Colorado Privacy Act (CPA)
Protects Consumers’ Privacy Right, Especially Online Activities.
In 2021, the state of Colorado signed into law the Colorado Privacy Act (CPA), which will go into effect on July 1, 2023. This act protects the privacy rights of Colorado residents regarding their personal data, particularly their online activities. Based on this act, companies must protect five consumer rights, including the right to:
• Data portability
Companies doing business in Colorado must comply with these laws.
This includes via a website or an app, and/or processing the data of Colorado residents who meet threshold requirements – a) processing personal data of 100,000 or more residents annually, or (b) processes personal data of at least 25,000 residents annually and derive revenue or receive discounts on goods and/or services due to the sale of that data. The companies do not need to have a physical presence in Colorado. There are stipulations for small companies that do not meet the revenue threshold or the number of data processing. In addition, Colorado exempts many organizations, including airlines, public utilities, governmental entities in Colorado, and higher education institutions. However, the CPA applies to charitable organizations and nonprofits that meet the threshold requirements.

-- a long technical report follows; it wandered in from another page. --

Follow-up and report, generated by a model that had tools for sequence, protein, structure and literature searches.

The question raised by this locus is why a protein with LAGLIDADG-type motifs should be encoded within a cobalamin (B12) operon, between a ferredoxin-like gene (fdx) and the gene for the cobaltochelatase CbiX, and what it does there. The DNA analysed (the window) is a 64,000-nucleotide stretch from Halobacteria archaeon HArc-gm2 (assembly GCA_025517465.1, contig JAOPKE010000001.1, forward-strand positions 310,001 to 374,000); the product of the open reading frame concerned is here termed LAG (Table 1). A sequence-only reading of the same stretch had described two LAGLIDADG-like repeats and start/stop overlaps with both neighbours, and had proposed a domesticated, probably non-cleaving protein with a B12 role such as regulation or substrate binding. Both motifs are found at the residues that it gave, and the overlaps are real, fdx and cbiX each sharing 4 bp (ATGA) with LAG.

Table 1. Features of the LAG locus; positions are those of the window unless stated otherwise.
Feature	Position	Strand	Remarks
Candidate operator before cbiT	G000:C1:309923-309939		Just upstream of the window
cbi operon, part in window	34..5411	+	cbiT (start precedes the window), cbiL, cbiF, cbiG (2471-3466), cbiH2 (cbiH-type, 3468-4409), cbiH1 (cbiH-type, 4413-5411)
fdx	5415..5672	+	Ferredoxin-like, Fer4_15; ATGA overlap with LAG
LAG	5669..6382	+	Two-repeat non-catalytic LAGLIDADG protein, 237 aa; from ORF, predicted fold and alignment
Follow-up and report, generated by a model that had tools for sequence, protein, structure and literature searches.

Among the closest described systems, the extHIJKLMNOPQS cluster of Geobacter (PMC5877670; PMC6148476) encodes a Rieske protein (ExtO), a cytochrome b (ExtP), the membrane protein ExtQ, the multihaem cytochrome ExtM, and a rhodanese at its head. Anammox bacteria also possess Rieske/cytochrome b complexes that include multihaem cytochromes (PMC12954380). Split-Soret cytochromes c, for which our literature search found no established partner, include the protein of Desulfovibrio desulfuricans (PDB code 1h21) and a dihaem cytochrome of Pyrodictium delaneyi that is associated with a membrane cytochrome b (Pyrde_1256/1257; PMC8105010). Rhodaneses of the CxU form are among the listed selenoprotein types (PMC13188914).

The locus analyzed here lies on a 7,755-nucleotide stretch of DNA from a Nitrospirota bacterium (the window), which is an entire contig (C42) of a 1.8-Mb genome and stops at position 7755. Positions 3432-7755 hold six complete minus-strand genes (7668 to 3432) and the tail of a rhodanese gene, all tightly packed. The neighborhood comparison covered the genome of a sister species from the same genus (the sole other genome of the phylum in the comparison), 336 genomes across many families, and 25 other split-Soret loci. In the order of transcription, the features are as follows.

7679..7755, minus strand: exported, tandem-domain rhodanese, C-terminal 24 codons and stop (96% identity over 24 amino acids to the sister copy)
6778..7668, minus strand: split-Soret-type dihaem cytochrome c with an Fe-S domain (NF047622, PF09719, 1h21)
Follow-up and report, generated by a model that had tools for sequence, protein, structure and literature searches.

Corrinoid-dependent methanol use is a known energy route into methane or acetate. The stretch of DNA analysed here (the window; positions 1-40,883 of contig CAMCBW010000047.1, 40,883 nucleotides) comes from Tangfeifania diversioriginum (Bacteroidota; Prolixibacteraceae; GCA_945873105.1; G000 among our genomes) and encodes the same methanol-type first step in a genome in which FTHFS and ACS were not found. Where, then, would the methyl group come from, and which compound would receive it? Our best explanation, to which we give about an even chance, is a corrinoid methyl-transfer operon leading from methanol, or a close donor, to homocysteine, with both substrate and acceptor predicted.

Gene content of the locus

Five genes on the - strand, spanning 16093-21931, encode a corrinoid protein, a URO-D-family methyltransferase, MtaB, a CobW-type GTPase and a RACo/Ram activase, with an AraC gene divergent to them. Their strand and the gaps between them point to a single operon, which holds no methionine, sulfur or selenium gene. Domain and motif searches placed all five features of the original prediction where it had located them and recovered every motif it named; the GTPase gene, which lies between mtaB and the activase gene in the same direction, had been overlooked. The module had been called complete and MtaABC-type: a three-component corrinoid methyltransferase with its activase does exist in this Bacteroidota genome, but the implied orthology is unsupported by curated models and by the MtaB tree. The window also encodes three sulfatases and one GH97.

The CPA also stipulates companies’ obligations regarding the collection and use of data.
These duties include:
• Purpose specification
• Data minimization
• Secondary use
• Unlawful discrimination
• Sensitive Data
If a company or entity is in violation of CPA, the Colorado Attorney General’s office will notify the organization with an option for corrective action. The company or entity has 60 days from when the notice was received to correct the violation. The CPA does not specify fines for a violation but it can be from $2,000 to $20,000 per violation or between $10,000 to $50,000 per violation against an elderly person. Additionally, CPA violations can lead to criminal charges.
Meet Your Colorado Privacy Rights Legal Team
Dilyn spent 14 years as a Staff Officer with the United States Department of Defense. She brings a wealth of experience in cybersecurity and privacy law, and national security and intelligence law. Dilyn has also worked as in-house counsel with oil and gas and defense companies.
Danyelle is strong-willed, disciplined, and works diligently hard not only for her clients but for justice in general. She approaches each case with thoughtfulness and care. Danyelle nurtures her client relationships to develop trust and understanding between her and her clients. Due to her empathetic nature, Danyelle fiercely represents her clients and their needs.
Sebastian Garcia has worked on legal issues surrounding data privacy policies and cybersecurity throughout his career. As a legal intern, he assisted the supervising legal counsel on cybersecurity standards NIST 800-171 and DFARS 252.204.7012. Additionally, he served as a legislative fellow in the United States Senate.
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